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It’s never, ever the same beat twice

Project Diva f was supposed to be my go-to music/rhythm game on the Vita. After falling in love with the series on the PSP, the idea of a more visually impressive, technically advanced, and smoother-playing Vita version was music to my ears.

Music to my ears. Because, it’s a music-based game. Get it? See, it’s… ah, nevermind.

Unfortunately, that didn’t happen. Sega mucked up the basics of the Project Diva series by adding in stupid touch-based note markers mixed in with the standard button-related ones, and I hated every moment of it.

South Korean studio Pentavision rose to rhythm gaming fame with DJMax, a series that bore more than a passing resemblance to Konami’s Beatmania franchise. As that series went on, however, it quickly gained its own distinct identity, helped by a combination of highly challenging note patterns, a stylish interface, and artistically-produced visual elements.

It’s funny, then, that DJMax Technika Tune is based off an arcade game that also supplemented button-centric controls for touchscreen interaction. Here, however, Pentavision didn’t take their already-existing concept and force a new interface into the mix—the created an entirely new project.

In DJMax Technika, the screen is split in half vertically, and as a line passes horizontally along one of the two sections, note markers needs to be cleared as that line crosses over them. Five types of notes are presented: Standard Notes (tap when the line intersects them); Hold Notes (tap and hold on the note marker until the line has completely passed through it); Drag Notes (tap and slide your finger along the length of the note in conjunction with the line); Chain Notes (drag your finger along the note as the line passes through each of its marked segments); and Repeat Notes (tap on the initial portion of the note marker every time the line reaches specifically-marked segments of it).

It’s unsurprising that Pentavision would see Sony’s new handheld as the perfect method for bringing that arcade experience home. The Vita’s hardware is also used to add in a new twist: some of those markers can now require interaction via the back touchpad instead of the front touchscreen. It’s funny, because this setup adds complexity and challenge to the game, but it also—at times—makes hitting multiple notes at the same time much easier. Thankfully, those who aren’t keen on the idea have the choice of setting all markers to only work via the front touchscreen. I always appreciate when games give players a choice in these kinds of matters, so kudos to Pentavision on that one.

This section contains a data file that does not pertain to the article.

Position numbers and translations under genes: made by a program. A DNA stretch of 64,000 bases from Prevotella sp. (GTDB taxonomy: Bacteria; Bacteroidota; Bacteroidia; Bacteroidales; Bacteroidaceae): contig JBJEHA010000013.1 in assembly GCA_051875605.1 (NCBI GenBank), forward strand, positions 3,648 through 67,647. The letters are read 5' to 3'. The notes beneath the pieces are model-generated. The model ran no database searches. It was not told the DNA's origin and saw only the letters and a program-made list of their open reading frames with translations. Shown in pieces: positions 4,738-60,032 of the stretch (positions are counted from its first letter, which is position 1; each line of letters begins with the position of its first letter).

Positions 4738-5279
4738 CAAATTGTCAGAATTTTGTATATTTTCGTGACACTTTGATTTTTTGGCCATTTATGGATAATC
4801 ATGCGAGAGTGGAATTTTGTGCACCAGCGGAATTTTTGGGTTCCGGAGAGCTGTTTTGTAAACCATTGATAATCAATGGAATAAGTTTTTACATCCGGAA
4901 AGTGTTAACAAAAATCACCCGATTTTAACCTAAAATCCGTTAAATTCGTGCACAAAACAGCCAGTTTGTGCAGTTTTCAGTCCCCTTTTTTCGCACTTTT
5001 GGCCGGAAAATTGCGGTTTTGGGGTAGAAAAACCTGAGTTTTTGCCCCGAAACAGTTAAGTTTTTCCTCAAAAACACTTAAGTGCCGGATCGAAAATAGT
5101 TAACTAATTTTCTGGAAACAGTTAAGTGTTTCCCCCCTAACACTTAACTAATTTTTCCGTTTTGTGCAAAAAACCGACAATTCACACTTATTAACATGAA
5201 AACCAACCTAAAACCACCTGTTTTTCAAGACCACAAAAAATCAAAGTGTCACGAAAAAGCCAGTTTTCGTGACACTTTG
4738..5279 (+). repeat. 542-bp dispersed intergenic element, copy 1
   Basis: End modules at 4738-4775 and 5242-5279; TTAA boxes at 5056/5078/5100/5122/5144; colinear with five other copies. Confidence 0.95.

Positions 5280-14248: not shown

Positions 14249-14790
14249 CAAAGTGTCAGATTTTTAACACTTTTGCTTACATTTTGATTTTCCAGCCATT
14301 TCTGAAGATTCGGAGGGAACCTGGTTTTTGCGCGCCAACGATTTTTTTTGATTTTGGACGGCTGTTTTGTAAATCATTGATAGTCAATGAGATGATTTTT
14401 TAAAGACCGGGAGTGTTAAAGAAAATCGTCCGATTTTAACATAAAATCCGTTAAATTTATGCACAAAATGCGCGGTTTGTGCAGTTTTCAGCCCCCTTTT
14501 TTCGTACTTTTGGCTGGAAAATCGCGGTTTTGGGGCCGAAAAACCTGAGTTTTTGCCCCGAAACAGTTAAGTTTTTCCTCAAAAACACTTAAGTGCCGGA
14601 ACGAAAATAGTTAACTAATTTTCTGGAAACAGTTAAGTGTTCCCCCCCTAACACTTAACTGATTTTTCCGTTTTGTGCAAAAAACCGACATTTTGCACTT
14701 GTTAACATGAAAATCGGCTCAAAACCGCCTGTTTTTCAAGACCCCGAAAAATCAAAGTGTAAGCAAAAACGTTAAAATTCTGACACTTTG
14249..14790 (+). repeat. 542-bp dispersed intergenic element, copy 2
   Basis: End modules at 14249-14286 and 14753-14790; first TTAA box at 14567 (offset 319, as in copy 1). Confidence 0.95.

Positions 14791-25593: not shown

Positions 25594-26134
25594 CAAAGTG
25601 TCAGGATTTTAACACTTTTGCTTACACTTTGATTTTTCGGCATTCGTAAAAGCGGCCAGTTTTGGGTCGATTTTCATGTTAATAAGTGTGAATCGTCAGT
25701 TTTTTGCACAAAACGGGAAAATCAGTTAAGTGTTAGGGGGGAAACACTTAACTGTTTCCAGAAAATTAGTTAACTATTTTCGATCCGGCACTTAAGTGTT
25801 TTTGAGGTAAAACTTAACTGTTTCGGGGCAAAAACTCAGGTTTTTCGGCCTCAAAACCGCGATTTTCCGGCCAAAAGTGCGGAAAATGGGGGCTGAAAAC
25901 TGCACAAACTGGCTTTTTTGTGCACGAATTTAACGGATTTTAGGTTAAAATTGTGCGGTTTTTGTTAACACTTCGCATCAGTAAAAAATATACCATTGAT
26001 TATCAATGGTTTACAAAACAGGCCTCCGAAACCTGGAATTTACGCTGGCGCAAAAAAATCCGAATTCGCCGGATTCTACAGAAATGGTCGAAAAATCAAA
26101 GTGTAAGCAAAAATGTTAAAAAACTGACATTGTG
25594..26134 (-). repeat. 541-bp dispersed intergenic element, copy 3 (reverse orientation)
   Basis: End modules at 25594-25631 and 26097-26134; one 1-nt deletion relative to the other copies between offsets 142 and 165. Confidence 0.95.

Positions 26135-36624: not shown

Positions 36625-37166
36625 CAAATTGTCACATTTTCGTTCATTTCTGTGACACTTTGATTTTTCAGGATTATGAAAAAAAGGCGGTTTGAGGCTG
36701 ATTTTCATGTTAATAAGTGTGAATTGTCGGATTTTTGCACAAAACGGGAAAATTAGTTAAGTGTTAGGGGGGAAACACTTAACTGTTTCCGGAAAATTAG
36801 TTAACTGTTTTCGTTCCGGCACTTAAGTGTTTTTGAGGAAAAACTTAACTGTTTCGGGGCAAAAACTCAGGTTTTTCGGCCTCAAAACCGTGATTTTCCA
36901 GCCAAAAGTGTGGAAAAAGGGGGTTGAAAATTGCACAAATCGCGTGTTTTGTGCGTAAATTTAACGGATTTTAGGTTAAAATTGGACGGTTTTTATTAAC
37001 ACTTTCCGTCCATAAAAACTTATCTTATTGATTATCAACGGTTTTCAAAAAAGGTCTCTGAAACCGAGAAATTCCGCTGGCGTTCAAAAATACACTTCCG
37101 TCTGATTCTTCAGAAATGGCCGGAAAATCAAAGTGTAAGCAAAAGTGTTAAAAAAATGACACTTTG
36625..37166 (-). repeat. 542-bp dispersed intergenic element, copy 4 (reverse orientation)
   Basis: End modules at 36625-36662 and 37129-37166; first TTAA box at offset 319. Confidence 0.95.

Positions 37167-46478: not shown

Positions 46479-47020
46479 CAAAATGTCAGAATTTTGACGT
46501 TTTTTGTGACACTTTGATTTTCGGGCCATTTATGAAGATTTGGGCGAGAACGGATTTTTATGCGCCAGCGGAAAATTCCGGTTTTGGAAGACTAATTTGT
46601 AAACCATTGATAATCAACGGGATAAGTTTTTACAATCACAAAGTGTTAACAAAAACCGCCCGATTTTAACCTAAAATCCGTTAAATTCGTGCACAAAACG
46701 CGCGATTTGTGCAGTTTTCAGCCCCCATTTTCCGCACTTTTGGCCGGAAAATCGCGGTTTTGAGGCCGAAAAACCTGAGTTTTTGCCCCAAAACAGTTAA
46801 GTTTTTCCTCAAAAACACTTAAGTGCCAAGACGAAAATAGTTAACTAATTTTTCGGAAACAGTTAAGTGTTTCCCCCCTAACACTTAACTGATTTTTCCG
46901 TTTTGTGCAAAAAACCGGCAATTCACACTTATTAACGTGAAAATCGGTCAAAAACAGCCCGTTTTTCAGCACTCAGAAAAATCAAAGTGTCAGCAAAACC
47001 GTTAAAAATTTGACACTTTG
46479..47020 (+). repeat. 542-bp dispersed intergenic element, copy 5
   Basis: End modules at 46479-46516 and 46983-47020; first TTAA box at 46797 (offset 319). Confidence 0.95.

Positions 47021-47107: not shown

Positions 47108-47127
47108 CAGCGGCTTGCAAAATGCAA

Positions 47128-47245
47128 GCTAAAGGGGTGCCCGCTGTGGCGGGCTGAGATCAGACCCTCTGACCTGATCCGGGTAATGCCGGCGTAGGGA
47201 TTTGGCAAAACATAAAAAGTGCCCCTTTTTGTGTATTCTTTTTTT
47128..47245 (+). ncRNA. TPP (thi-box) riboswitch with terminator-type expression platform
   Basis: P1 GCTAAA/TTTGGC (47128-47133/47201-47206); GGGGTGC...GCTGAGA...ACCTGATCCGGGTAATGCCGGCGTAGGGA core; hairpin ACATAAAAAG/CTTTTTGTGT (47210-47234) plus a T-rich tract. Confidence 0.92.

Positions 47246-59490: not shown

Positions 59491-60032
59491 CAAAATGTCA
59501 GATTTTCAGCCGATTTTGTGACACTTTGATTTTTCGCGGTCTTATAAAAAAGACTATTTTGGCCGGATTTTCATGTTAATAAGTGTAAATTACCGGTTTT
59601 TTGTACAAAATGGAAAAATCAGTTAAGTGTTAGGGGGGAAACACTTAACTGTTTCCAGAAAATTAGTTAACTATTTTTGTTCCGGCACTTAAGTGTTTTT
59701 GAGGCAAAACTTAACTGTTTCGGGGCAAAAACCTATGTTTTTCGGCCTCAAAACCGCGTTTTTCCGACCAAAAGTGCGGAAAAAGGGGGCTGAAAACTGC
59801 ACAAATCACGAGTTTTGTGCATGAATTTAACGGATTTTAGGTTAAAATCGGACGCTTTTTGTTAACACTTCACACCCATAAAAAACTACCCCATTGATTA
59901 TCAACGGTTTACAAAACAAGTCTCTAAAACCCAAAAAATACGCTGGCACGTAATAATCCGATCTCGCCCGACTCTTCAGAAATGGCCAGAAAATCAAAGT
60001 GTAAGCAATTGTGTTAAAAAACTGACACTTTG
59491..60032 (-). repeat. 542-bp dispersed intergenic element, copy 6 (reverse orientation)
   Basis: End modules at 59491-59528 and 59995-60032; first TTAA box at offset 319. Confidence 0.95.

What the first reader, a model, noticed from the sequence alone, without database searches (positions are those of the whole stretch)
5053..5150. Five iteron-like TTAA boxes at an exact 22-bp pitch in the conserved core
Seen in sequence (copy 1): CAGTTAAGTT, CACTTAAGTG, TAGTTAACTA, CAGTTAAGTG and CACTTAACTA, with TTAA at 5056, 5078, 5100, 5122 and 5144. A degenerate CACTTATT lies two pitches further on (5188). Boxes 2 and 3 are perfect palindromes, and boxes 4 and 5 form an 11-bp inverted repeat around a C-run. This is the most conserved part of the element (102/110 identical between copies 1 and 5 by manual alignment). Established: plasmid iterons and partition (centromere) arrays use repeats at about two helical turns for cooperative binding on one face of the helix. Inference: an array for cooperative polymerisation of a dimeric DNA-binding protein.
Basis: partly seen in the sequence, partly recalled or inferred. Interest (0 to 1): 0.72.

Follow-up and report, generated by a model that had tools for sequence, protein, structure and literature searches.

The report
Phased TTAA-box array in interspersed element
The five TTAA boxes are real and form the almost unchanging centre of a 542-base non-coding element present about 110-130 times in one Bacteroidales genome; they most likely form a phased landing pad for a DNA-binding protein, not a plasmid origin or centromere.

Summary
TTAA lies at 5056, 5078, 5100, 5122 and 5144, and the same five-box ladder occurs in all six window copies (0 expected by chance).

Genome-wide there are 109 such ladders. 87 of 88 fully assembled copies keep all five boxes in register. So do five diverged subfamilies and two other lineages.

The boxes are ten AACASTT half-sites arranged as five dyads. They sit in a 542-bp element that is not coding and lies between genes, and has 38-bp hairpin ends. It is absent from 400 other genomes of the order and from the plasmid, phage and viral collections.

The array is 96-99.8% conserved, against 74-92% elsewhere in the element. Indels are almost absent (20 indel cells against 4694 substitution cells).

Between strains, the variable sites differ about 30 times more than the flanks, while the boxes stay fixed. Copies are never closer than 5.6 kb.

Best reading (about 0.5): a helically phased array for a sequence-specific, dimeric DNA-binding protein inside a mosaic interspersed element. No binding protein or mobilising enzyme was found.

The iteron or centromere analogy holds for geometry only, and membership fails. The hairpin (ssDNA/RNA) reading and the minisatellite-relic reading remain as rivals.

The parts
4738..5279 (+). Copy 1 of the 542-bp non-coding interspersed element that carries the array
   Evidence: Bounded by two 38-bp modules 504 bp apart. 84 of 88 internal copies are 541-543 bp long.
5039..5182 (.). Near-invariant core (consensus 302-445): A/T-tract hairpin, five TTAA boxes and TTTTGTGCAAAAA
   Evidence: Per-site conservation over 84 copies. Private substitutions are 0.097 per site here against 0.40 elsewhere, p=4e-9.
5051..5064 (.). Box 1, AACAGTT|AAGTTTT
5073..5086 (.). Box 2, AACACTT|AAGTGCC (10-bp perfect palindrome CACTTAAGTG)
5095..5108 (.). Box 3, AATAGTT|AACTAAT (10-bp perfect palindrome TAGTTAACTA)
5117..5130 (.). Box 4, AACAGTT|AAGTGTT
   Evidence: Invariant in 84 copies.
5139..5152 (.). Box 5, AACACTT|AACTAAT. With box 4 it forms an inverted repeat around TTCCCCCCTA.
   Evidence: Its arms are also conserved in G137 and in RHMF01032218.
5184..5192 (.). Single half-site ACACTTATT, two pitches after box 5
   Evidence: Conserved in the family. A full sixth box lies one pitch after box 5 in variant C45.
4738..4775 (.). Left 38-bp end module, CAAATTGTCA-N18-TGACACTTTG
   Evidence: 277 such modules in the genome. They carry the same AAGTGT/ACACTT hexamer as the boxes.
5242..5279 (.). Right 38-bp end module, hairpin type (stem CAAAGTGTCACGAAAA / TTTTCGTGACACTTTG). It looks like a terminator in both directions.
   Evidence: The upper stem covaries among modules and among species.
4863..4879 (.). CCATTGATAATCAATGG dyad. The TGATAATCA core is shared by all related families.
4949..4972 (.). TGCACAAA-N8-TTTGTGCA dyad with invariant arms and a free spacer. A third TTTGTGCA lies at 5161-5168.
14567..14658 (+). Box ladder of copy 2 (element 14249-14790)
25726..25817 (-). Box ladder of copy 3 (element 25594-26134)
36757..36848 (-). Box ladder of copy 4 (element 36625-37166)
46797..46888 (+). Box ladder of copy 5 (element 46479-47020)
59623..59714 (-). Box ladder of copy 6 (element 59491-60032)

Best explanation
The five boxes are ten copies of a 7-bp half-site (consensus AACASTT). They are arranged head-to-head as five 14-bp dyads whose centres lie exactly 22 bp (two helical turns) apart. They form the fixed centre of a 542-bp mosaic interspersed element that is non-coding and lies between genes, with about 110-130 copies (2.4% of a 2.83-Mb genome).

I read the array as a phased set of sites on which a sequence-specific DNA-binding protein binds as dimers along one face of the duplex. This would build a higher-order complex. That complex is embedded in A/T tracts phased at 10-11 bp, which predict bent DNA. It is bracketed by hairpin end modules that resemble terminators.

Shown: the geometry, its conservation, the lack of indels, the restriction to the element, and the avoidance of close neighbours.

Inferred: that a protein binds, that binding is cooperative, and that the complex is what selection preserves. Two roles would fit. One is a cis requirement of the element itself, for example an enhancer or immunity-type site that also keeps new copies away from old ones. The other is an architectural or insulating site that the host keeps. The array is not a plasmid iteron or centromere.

Of course, music/rhythm games are far more than just the systems they provide or their forms of gameplay interaction. DJMax Technika Tune is a very different beast from the mainline DJMax series—and it’s possible that some fans of that franchise will view Technika Tune as more of a casual experience. Indeed, I think this is a game far more accessible for players that aren’t rhythm masters, but that’s not something I see as being a bad thing. Technika Tune still provides a high amount of challenge at its higher levels—far more than you might expect going into the game. Unlike the PSP DJMax titles I’ve played over time, however, I didn’t feel overwhelmed by Technika Tune right from the start. It’s a nice feeling—one that encourages you to continue on, and feel as if you can get better.

Praise also must be given to Pentavision’s dedication to crafting spectacular visuals. Technika Tune’s interface is slick, and every one of the game’s 60+ tracks are accompanied by top-quality music videos that you’ll want to go back and watch again outside of the distractions of gameplay.